Complications in a Gestational Diabetes Baby

Complications in a Gestational Diabetes Baby

Gestational Diabetes Baby

Gestational_Diabetes_Cover_for_KindleOne of the reasons why gestational diabetes should be treated is because of the risk of developing complications, especially on the part of the baby. A gestational diabetes baby might suffer not just after being delivered but even later in life. The good news is that most women with controlled gestational diabetes turn out to deliver healthy babies, as long as they keep their diet, exercise, and medications in check. But for those who don’t, here are the possible complications for a gestational diabetes baby:

Macrosomia-Complications in a Gestational Diabetes Baby

Macrosomia means excessive birth weight because the gestational diabetes baby is too large. Large is defined as having a birth weight of more than 9 pounds and 15 ounces or 4500 grams. In fact, the baby is very large that he might have difficulty exiting through the birth canal. Because of this, the mother might need to undergo Caesarean section in order to safely deliver the gestational diabetes baby.

Shoulder dystocia-Complications in a Gestational Diabetes Baby

If your gestational diabetes baby is delivered normally, there is a risk that the head will be able to enter the canal, but the shoulders will remain stuck. This condition, known as shoulder dystocia, requires maneuvers by the health care provider in order to deliver the gestational diabetes baby. Forcing the shoulders into the birth canal might sometimes lead to a fractured bone or nerve damage. The good news is that both of these can heal without permanent problems in 99% of the babies. However, the mother might also suffer because this can lead to larger episiotomies in the vaginal area, hence requiring longer wound healing time.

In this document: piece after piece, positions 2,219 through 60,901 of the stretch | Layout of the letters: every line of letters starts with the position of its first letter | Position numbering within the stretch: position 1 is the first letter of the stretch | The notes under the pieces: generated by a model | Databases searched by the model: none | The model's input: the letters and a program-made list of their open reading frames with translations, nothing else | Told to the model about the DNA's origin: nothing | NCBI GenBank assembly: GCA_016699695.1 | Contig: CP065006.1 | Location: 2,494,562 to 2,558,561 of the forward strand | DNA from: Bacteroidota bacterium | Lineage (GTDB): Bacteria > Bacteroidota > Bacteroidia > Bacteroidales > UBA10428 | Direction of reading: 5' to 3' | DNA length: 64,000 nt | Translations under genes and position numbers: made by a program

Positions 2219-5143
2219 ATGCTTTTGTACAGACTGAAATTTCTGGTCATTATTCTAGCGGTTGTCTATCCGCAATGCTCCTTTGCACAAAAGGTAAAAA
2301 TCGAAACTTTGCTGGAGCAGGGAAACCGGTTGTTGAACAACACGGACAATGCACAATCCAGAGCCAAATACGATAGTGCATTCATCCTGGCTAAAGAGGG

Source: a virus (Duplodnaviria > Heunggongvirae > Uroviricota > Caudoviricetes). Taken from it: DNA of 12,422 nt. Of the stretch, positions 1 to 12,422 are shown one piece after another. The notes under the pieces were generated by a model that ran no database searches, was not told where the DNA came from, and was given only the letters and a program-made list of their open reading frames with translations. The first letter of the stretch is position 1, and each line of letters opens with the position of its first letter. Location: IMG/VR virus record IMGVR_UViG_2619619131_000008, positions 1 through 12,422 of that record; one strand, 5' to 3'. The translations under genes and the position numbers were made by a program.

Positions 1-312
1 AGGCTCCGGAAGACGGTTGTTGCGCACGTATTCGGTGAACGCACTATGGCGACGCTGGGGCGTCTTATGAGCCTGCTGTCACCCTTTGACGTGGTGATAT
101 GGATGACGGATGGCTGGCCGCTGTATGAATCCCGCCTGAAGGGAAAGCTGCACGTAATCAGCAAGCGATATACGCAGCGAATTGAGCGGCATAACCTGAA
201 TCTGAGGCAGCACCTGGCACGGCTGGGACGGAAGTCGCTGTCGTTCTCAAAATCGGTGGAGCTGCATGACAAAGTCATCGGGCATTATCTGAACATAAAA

Respiratory distress syndrome-Complications in a Gestational Diabetes Baby

Although this happens rarely, a gestational diabetes baby might suffer from breathing difficulties known as respiratory distress syndrome. This can happen during normal delivery when4 the baby’s shoulders are stuck in the vaginal canal for a long time. Early or preterm labor due to the gestational diabetes baby’s size might also happen, and if the lungs are not yet mature, this can lead to respiratory distress syndrome.

Hypoglycemia-Complications in a Gestational Diabetes Baby

Immediately after delivery, a gestational diabetes baby might develop hypoglycemia or low blood sugar. This happens because in the womb, the baby’s pancreas was used to produce high amounts of insulin to counter the glucose levels in the mother’s bloodstream. Once delivered, the baby’s pancreas might continue to produce insulin, thus causing hypoglycemia. In some cases, severe episodes of hypoglycemia might cause the baby to have seizures. This can be remedied by intravenous glucose solutions and prompt feedings.

Jaundice –Complications in a Gestational Diabetes Baby

The gestational diabetes baby might experience jaundice, which is the yellowish discoloration of the skin and the whites of the eyes. This happens when the baby’s liver is not yet mature enough to break bilirubin, a side product of damaged red blood cells. Fortunately, jaundice is not a big cause of concern for a gestational diabetes baby, although it needs to be monitored.

Development of type 2 diabetes –Complications in a Gestational Diabetes Baby

Studies have shown that a gestational diabetes baby has a higher risk of developing type 2 diabetes mellitus later on in life compared to normal babies.

Knowing these complications of gestational diabetes to a gestational diabetes baby will encourage you to keep to your treatment regimen so that your baby does not suffer from your condition.

Once diagnosed with gestational diabetes it is very important to track your condition, to see my Gestational Diabetes Journal, Click Here!

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